@Carl Love 

Thanks for this insight.




These commands generate the same animation without the headache of premature evaluation. The PlotVector command has many advantages over the use of the plots package arrow command.

However, the example given amply illustrates the evaluation issue and clearly explains how to deal with it.



Equation (14) needs a multiplicative "c" on the left. (See equation (3).) Then the lettered equations in red make sense.


On July 5, 2017, Kitonum provided code for using Green's theorem to obtain the area of a plane region. This would make a useful tool in Maple, but presently it's neither a Task Template nor a Math Apps.

I knew I had saved this code but nothing I searched for in the Primes search engine led me back to it. I had to hunt on my hard drive for this link. Searches with words such as "area" or "enclosed" led nowhere useful.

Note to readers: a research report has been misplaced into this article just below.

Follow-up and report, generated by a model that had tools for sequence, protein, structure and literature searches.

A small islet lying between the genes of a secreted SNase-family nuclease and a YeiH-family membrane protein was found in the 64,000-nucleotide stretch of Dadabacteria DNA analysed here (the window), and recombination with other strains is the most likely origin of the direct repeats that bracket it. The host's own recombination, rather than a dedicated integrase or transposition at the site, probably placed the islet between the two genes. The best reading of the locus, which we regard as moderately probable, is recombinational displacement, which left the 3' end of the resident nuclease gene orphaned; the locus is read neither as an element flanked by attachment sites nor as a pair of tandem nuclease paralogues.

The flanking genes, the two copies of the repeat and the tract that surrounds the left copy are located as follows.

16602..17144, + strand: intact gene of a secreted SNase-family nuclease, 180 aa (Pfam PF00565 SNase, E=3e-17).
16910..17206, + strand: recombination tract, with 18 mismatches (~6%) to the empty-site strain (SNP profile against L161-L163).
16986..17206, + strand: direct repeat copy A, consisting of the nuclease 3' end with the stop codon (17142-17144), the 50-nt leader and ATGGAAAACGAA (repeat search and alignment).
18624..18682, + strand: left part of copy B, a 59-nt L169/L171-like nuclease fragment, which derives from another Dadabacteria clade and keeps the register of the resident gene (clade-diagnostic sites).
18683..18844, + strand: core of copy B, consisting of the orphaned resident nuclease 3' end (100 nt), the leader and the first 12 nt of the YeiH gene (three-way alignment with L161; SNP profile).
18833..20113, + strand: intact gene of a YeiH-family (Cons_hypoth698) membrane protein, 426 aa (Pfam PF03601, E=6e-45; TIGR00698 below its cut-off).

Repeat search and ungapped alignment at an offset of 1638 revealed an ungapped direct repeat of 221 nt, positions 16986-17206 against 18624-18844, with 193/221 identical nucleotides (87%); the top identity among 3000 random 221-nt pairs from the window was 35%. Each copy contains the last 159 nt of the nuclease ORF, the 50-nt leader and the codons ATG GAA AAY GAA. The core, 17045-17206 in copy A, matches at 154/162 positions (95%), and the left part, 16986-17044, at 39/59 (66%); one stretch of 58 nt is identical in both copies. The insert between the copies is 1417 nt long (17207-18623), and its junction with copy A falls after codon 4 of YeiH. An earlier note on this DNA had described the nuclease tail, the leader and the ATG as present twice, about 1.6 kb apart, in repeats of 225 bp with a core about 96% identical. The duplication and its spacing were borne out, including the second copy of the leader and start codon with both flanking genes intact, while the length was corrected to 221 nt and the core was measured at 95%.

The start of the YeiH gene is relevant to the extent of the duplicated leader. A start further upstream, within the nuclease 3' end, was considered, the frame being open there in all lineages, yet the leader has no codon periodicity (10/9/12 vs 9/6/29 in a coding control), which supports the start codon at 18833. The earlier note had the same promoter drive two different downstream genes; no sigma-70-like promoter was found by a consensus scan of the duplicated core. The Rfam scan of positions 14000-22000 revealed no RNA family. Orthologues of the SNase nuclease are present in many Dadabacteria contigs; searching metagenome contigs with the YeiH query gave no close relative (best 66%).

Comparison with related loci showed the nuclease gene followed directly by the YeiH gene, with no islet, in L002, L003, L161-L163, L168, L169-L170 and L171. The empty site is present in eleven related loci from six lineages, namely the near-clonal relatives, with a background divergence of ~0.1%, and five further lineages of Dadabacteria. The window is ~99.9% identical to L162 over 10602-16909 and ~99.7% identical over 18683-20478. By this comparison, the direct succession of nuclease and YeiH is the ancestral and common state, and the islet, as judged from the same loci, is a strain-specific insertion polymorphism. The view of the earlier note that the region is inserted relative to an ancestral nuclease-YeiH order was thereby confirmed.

I read and experimented with these four solutions, and I still don't understand why they work. What's going on behind the scene so that after the second Explore where a:=2, the first Explore still uses a=1?

I look at solutions in MaplePrimes and ask myself what I would have done if I faced a similar issue. If it's an issue I don't think I would ever face, I tend to ignore the proposed Maple syntax. If it's an issue I think I might face, I then try to understand what the proposed syntax is doing, and how I might have solved the problem with what I know about Maple. (I don't know anywhere as much about Maple coding as some of the habitual respondants do.)